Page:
Conflict is uncomfortable for everyone. For those directly involved and for those on the outside. . “Maybe it will just go away,” we hope. Or perhaps we act overly nice to compensate. But according to Amy Jen Su, writing in the Harvard Business Review, ignoring the conflict or being nice can make the problem worse, not better.
“You create relationships that are neither authentic nor constructive,” Su writes. “Your health and self-esteem may suffer and you signal that you’re a victim. And your organization loses out as you make compromises with the loudest person in the room, lose the diversity of thinking that’s critical for innovation, or stop producing the best solutions.”
Instead of ignoring conflict and “killing with kindness,” Su suggest three other alternatives:
Focus on the needs of your company
When you avoid conflict, it actually places the focus on you—which isn’t where it should be. Adjust this focus by turning the sites back on your business.
Use observations, not labels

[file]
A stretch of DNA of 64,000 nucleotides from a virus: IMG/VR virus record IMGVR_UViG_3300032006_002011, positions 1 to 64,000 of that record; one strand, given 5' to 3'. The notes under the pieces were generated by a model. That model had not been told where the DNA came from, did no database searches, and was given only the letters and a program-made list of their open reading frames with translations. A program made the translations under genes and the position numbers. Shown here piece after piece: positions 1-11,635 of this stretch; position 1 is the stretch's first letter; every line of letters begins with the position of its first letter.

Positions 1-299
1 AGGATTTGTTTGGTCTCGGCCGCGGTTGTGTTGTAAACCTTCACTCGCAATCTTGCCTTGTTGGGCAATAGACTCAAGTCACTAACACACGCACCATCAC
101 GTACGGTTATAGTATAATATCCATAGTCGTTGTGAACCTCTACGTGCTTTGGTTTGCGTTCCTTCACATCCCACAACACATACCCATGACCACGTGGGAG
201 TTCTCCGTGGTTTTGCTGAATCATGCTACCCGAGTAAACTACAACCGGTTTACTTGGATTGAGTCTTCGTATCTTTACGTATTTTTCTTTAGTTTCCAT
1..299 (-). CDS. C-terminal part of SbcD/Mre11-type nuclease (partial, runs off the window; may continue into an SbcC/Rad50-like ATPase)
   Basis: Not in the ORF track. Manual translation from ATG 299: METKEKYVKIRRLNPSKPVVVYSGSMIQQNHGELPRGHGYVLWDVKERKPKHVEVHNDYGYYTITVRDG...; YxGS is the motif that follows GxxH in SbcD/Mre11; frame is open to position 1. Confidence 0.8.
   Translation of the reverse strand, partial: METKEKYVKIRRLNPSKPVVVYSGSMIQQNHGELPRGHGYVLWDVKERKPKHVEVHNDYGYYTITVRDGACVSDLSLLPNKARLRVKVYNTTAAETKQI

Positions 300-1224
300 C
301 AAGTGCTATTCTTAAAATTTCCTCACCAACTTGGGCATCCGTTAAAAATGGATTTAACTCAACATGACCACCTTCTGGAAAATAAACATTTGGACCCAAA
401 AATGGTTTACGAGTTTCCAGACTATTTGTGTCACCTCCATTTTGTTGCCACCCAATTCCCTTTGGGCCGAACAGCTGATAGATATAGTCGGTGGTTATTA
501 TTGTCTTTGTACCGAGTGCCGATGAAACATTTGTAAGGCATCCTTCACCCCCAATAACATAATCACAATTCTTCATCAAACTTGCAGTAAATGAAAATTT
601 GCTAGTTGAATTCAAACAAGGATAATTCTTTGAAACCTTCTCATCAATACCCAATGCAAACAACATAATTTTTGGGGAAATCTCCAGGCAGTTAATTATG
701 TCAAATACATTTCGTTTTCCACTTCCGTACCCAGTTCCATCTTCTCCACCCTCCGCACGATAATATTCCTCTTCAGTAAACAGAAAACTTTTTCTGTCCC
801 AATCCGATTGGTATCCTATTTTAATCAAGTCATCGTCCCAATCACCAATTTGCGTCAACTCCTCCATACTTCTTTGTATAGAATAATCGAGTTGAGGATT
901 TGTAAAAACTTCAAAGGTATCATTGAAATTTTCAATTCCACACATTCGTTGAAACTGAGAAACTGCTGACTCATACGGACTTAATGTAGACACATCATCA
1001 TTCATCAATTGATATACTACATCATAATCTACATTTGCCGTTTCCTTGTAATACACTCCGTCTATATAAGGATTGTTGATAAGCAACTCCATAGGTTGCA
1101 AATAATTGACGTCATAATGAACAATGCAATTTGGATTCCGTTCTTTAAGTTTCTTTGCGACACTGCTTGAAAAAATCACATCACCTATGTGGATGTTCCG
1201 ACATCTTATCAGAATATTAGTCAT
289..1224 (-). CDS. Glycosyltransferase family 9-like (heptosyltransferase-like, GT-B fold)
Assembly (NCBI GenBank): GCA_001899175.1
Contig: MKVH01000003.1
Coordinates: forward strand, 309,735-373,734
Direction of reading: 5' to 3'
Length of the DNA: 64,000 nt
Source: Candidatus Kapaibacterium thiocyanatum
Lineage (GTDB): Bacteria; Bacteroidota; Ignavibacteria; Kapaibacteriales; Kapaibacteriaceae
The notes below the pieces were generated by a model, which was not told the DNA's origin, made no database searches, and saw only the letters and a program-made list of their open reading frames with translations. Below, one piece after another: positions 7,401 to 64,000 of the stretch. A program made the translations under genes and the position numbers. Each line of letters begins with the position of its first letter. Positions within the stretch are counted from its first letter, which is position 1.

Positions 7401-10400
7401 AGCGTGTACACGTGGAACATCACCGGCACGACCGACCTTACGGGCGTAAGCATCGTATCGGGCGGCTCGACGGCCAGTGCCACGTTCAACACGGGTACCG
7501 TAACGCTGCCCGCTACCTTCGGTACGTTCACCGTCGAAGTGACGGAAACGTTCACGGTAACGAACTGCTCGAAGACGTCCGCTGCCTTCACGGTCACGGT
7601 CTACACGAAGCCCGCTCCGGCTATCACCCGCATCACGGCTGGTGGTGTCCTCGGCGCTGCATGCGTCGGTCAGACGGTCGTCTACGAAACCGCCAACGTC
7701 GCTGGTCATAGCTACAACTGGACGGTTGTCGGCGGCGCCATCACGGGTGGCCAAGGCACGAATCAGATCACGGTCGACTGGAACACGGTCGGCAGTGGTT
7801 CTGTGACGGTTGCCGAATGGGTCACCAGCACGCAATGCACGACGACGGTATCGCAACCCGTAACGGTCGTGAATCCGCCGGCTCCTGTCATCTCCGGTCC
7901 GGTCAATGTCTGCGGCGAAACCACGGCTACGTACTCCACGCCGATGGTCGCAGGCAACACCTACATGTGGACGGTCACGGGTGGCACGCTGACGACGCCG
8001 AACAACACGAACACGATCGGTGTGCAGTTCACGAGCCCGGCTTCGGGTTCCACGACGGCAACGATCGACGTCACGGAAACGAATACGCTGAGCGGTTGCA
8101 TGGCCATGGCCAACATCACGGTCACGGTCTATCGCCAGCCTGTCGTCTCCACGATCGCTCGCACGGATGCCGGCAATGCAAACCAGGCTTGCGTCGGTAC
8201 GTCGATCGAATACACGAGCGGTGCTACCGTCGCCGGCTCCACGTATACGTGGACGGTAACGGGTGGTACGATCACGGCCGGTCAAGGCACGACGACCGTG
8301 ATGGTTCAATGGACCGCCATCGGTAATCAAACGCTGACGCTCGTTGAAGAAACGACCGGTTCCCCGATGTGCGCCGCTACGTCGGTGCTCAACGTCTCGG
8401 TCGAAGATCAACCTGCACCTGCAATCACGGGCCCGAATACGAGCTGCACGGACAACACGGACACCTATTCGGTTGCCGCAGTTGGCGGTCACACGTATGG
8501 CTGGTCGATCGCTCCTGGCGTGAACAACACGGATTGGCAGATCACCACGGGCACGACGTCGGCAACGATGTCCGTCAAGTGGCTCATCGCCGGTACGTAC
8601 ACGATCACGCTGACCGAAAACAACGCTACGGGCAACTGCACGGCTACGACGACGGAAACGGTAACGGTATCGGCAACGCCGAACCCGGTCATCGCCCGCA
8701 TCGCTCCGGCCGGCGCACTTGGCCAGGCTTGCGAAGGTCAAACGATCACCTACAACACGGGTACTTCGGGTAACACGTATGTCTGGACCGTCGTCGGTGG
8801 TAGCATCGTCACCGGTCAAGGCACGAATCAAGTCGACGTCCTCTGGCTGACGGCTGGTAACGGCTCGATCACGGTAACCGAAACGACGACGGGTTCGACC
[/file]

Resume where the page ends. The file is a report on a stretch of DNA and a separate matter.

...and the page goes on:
It’s natural to tell someone, “You really responded negatively to what I had to say in the meeting.” But it’s better to say something like, “While I was talking in the meeting, I noticed your body language became changed and that you responded quite strongly. I’d like to discuss how you could share your concerns in a more positive way.”
Keep calm and conflict manage on
If you’re upset, take a step back until you’ve cooled off. A calm demeanor and even-keeled perspective are necessary in dealing with the conflict constructively.
Practice, practice, practice
Like everything, resolving conflict becomes easier with practice. Start with smaller things—say if someone keeps causing a mess in the break room—and work your way up.
(via Harvard Business Review)